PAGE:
- SOAP, when combined with HTTP post/response exchanges, tunnels easily through existing firewalls and proxies, and consequently doesn't require modifying the widespread computing and communication infrastructures that exist for processing HTTP post/response exchanges.
- When using standard implementations and the default SOAP/HTTP binding, the XML infoset is serialized as XML. Because of the verbose XML format, SOAP can be considerably slower than competing middleware technologies such as CORBA or ICE. This may not be an issue when only small messages are sent. To improve performance for the special case of XML with embedded binary objects, the Message Transmission Optimization Mechanism was introduced.
- When relying on HTTP as a transport protocol and not using WS-Addressing or an ESB, the roles of the interacting parties are fixed. Only one party (the client) can use the services of the other.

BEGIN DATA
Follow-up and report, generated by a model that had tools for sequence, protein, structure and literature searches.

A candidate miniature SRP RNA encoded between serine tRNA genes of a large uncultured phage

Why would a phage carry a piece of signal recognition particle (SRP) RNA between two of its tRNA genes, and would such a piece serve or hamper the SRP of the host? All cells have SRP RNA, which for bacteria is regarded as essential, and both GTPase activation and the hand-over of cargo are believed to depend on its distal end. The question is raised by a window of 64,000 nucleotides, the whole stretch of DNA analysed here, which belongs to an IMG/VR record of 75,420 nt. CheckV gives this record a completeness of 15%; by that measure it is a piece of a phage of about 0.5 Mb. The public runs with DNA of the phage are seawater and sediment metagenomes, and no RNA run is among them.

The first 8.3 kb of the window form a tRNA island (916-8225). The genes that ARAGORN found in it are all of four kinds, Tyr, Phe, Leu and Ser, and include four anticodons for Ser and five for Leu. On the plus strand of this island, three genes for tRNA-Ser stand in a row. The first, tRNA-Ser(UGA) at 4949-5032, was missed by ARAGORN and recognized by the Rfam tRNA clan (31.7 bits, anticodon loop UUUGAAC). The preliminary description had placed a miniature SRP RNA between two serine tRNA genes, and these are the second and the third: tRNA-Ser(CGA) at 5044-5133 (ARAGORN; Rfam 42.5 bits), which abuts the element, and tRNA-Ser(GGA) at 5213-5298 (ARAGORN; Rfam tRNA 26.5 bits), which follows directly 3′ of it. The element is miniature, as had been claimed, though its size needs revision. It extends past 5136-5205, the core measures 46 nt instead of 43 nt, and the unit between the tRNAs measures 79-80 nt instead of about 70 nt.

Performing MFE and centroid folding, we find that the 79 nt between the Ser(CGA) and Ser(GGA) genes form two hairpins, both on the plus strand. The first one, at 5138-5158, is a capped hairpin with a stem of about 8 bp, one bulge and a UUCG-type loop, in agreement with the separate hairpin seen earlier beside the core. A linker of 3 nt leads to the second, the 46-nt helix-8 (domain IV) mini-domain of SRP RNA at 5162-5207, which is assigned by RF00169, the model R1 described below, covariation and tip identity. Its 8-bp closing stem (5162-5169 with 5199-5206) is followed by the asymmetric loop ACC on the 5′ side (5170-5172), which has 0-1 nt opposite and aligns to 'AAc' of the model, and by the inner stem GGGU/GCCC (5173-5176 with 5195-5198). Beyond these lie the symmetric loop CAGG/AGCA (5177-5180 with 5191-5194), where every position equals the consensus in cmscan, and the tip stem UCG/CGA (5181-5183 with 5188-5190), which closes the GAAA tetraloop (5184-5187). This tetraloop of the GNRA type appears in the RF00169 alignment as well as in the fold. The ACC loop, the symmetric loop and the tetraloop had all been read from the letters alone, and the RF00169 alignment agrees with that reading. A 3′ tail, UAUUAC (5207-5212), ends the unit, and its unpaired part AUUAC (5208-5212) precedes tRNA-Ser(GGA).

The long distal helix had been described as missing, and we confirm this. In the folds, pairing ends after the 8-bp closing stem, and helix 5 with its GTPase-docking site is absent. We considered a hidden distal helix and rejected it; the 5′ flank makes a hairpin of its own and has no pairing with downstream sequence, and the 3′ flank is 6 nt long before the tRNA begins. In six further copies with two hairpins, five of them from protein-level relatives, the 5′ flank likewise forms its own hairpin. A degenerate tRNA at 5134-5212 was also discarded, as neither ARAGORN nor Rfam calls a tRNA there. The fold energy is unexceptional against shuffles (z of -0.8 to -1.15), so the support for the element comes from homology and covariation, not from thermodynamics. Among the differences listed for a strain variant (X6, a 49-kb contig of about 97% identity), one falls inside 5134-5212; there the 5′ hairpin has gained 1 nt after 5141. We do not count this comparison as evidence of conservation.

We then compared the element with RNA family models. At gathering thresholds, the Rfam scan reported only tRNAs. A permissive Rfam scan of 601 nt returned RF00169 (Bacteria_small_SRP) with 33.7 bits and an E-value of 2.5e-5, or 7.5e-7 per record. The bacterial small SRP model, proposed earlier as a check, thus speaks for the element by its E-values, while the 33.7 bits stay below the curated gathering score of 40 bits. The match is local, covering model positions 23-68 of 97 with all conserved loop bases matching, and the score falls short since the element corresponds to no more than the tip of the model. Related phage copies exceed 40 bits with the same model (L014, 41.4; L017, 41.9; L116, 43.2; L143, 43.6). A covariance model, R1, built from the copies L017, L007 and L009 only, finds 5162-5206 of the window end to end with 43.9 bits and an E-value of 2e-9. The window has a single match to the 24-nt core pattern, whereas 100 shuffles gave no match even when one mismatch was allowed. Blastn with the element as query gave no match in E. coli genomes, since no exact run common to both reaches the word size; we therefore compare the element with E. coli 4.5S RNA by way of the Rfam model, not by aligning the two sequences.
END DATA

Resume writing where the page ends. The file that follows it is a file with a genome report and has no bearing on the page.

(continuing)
- The verbosity of the protocol led to the domination in the field by services using the REST architectural style.
- SOAP with Attachments
- SOAP with Attachments API for Java
- List of web service protocols
- Message Transmission Optimization Mechanism (MTOM)
- XML-binary Optimized Packaging (XOP)
- Extensible User Interface Protocol (XUP) – a SOAP-based UI protocol
- SOAPjr – a hybrid of SOAP and JSON-RPC
- Web Services Security
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Simple Object Access Protocol (SOAP) defines a messaging envelope structure designed to carry application payload in one portion of the envelope (the message body) and control information in another (the message header).
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Note: In previous versions of this specification the SOAP name was an acronym. This is no longer the case. (Underneath section 1. Introduction)